New Feig Long-Range Reader Features Enable Low-Cost UHF Vehicle Tracking

By Claire Swedberg

The latest version of the company's LRU1002 reader enables users to interface RFID directly with an existing access-control system without requiring an external power supply, and to clone reader configurations using a USB stick.

With a growing number of gated communities, warehouses and commercial parking areas tracking vehicles via UHF RFID technology, Feig Electronics has released a new version of the lowest-cost iteration of its Long Range Readers designed to be more functional than its predecessor. The updated LRU1002 Long Range Reader is built to accommodate simpler installations, the company reports, by adding cloning capabilities between readers and including a Wiegand interface and switch to allow use with an existing electronic access-control panel.

The updated LRU1002 reader is aimed at a growing market in access control in which UHF RFID technology is being used to manage the gates at residential communities and commercial parking lots.

Feig's LRU1002 reader

As passive UHF RFID readers are extending their range, and as tag costs are dropping, companies and communities are increasingly installing the technology to enable access control for authorized vehicles. The newest version of Feig's UHF Long Range Reader is a response to the growing need of these customers for a UHF RFID access-control system that is easy to install and operate, says Michael Hrabina, Feig Electronics' executive VP.

Access-control systems with HID access cards, or manned staff, can be slower and more cumbersome to operate than UHF RFID, while active RFID systems, such as the ones used for highway tolling systems, tend to be too expensive to install in most gated areas.

The latest version of the LRU1002 is aimed at allowing companies to launch RFID where it hasn't been convenient in the past. It has a range of up to 40 feet (12 meters) and is designed for parking areas, warehouses (to manage forklifts or other logistics traffic), laundry services and waste management.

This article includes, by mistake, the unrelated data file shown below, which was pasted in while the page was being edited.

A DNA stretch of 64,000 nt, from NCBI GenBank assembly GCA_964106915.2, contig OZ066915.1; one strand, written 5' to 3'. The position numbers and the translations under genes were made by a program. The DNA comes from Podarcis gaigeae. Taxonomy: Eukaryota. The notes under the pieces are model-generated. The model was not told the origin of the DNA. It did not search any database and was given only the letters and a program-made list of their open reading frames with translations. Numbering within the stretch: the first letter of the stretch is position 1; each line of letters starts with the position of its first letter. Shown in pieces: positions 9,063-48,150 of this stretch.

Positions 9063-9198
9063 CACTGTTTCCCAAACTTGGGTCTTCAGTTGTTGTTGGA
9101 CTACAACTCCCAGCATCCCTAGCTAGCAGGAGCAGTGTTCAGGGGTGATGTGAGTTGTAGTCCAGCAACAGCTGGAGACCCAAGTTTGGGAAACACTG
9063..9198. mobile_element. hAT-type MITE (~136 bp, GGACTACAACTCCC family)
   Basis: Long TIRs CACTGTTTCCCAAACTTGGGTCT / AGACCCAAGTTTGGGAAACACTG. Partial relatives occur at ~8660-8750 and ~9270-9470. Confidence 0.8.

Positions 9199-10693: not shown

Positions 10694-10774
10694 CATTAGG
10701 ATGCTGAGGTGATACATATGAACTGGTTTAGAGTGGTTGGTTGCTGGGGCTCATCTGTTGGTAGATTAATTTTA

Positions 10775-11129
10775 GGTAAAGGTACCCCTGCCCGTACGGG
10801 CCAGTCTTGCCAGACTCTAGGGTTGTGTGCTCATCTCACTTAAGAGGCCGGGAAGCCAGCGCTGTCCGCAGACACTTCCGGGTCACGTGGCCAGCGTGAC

The system requires only a passive UHF RFID label affixed to a vehicle's windshield or hung from a rear-view mirror, and the reader and antenna installed at entrances and exits to identify an individual entering or leaving a gated area. This provides them with the capacity to simply slow down and drive through an automated gate, while the software collects data about the vehicles' movements.

Feig has three long-range RFID readers. The LRU1002, Hrabina says, is the basic entry-level device. "From the features side," he explains, "the LRU1002 is bringing higher-end features to an entry-level device."

The Easy Configuration Cloning function allows users to configure one reader, then store those configurations on a USB stick, and take it to each additional reader to configure them the same way. That function makes it easy to set up a facility with multiple entrances and exits or zones in which they must monitor traffic. The reader has four antenna ports and supports an external UHF multiplexer. The new reader provides DC power and sends channel-select and transponder commands to an eight-channel UHF multiplexer via a single cable, so that no external power supply or cabling is needed.

With the Wiegand interface, the reader can be plugged directly into an existing access-control system, using a single interface, so that the entire existing system toned not be replaced to accommodate UHF technology. "So if you have a system that's been in use [such as a card swipe system], you now can simply add RFID to that existing access-control system," Hrabina says. The new reader's optional Wiegand switch also enables companies to set up an entrance and exit gate operated by a single reader.

The long-range reader uses NXP Semiconductors' Ucode DNA chip to bring security options to access control as well. Users input an Advanced Encryption Standard (AES) 128-bit key in the reader that matches the key programmed in each tag. Only transponders with a matching key can activate the gate. That key could be stored in the reader itself or in the hosting access-control panel. In that way, users can ensure no unauthorized person uses a cloned tag to access a secure area. In addition, a new LED light provides visual diagnostics to indicate a read has been accomplished.

"I think the biggest thing is that it's bringing security to UHF," Hrabina says, via the AES encryption key feature, which was also available in the previous versions of the LRU1002. "For military applications, this is going to be significant," he states. However, the earliest adopters of the LRU1002 are commercial companies, such as office buildings with secure parking areas, and communities that control the flow of vehicles.

The new version of the LRU1002 is priced the same as its predecessor. Feig has scheduled a webinar on Apr. 27 to provide more information about the LRU1002, and to share the results of a UHF long-range reader comparison. Klaus Schoeke, Feig's technical sales and support VP, will present the findings between the LRU1002 Long Range UHF Reader and other readers.